City of Raleigh v. Morand

Annotate this Case

100 S.E.2d 870 (1957)

247 N.C. 363

CITY OF RALEIGH v. W. H. MORAND and wife, Margaret Olibene Morand.

No. 449.

Supreme Court of North Carolina.

December 11, 1957.

*872 Alfonso Lloyd, Charles O'H. Grimes, Raleigh, for defendants appellants.

Paul F. Smith, Raleigh, for plaintiff appellee.

DENNY, Justice.

The appellants took no exceptions to the findings of fact or the conclusions of law entered pursuant thereto in the court below. Hence, no exceptions having been taken to the admission of evidence or to the findings of fact, such findings are presumed to be supported by competent evidence and are binding upon appeal. City of Goldsboro v. Atlantic Coast Line R. Co., 246 N.C. 101, 97 S.E.2d 486; James v. Pretlow, 242 N.C. 102, 86 S.E.2d 759; Beaver v. Crawford Paint Co., 240 N.C. 328, 82 S.E.2d 113; Donnell v. Cox, 240 N.C. 259, 81 S.E.2d 664; Wyatt v. Sharp, 239 N.C. 655, 80 S.E.2d 762. Likewise, since no exceptions were taken to the findings of fact or conclusions of law, the exception to the refusal of the court to grant the appellants' motion for judgment as of nonsuit presents no question for review with respect to the findings of fact or the conclusions of law. City of Goldsboro v. Atlantic Coast Line R. Co., supra. The exception to the signing of the judgment, however, does present these questions: (1) Do the facts found support the conclusions of law and the judgment entered thereon, and (2) does any error appear upon the face of the record? City of Goldsboro v. Atlantic Coast Line R. Co., supra, and cited cases.

It is clear that the City of Raleigh extended the zoning jurisdiction conferred upon it pursuant to the statutes and its charter, as set forth in the court's finding of fact No. 1 hereinabove set out, by Ordinance No. 293, adopted 23 January 1952 and which became effective 15 February 1952, as amended by Ordinance No. 542 which is set out in the record and which became effective 16 December 1955. It likewise appears from the findings of fact that the use of the defendants' land for a trailer park or camp was commenced by the defendants after the adoption and effective date of the ordinance prohibiting such use.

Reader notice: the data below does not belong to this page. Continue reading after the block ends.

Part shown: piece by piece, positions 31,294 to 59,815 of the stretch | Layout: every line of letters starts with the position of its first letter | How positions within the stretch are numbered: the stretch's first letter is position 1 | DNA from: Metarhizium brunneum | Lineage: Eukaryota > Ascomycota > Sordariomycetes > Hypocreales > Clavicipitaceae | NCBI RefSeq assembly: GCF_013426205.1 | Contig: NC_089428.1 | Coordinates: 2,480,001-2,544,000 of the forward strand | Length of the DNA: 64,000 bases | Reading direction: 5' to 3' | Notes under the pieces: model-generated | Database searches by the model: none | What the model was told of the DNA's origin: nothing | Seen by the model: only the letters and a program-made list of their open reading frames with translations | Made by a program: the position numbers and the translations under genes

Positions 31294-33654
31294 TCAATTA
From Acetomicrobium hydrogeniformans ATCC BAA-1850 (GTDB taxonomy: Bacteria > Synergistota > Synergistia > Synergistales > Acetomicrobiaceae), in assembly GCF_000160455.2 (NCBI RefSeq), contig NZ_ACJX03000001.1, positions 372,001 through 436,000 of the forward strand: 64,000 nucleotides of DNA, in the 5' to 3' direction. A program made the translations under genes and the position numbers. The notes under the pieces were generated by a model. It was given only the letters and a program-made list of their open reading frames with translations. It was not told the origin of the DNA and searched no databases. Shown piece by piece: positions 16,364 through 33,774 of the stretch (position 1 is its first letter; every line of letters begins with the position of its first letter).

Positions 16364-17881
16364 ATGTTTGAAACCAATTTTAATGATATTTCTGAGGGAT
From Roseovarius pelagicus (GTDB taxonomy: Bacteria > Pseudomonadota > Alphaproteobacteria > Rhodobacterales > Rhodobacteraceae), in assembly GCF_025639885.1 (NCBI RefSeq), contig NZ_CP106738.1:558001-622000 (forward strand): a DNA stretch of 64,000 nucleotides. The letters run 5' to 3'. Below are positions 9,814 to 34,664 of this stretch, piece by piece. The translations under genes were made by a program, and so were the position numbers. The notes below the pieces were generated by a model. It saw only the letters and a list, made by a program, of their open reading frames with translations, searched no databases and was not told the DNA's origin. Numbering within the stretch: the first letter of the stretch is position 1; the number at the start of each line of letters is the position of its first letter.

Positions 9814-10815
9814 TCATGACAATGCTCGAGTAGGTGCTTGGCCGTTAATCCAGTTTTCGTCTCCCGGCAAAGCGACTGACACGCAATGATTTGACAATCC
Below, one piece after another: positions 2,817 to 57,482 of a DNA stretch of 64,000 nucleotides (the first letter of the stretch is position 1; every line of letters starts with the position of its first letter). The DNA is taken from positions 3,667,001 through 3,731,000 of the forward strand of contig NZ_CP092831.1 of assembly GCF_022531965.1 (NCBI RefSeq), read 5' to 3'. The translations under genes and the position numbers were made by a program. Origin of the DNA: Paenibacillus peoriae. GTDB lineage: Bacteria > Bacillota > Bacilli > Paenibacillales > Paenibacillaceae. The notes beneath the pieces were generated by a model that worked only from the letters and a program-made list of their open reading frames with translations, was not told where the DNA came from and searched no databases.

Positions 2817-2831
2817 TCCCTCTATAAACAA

The appellants assign as error the refusal of the court below to grant their motion to dismiss this action on the ground that the plaintiff is not entitled to have the defendants enjoined from violating the provisions of its zoning ordinance. We have held otherwise. City of Raleigh v. Fisher, 232 N.C. 629, 61 S.E.2d 897; City of Fayetteville v. Spur Distributing Co., 216 N.C. 596, 5 S.E.2d 838. In fact, G.S. § 160-179 expressly authorizes the use of the injunctive power of the court to enjoin violations of zoning ordinances. This assignment or error is overruled.

The defendants contend that since the complaint and the findings of fact erroneously refer to Chapter 540, Session Laws of North Carolina, 1949, as Chapter 541, it appears on the face of the record that the zoning ordinance of the City of Raleigh, as amended, is without legal validity. The contention is without merit. It clearly appears from other parts of the record that the ordinance prohibiting trailer camps in residential areas of the City and within one mile thereof in all directions was passed pursuant to the provisions of Chapter 540, Session Laws of North Carolina, 1949. Consequently, the erroneous *873 references will be treated as typographical errors only.

The appellants further contend that their property lies in an area outside the City of Raleigh, not subject to city taxes, peopled by nonresidents of the City of Raleigh, and receiving no benefits from said city. Therefore, they contend that on the face of the plaintiff's complaint the ordinance sought to be enforced is unreasonable and arbitrary and cannot in any way be said to further the general welfare of the City of Raleigh.

In Harrington & Co. v. Renner, 236 N.C. 321, 72 S.E.2d 838, 840, this Court, speaking through Devin, C. J., said: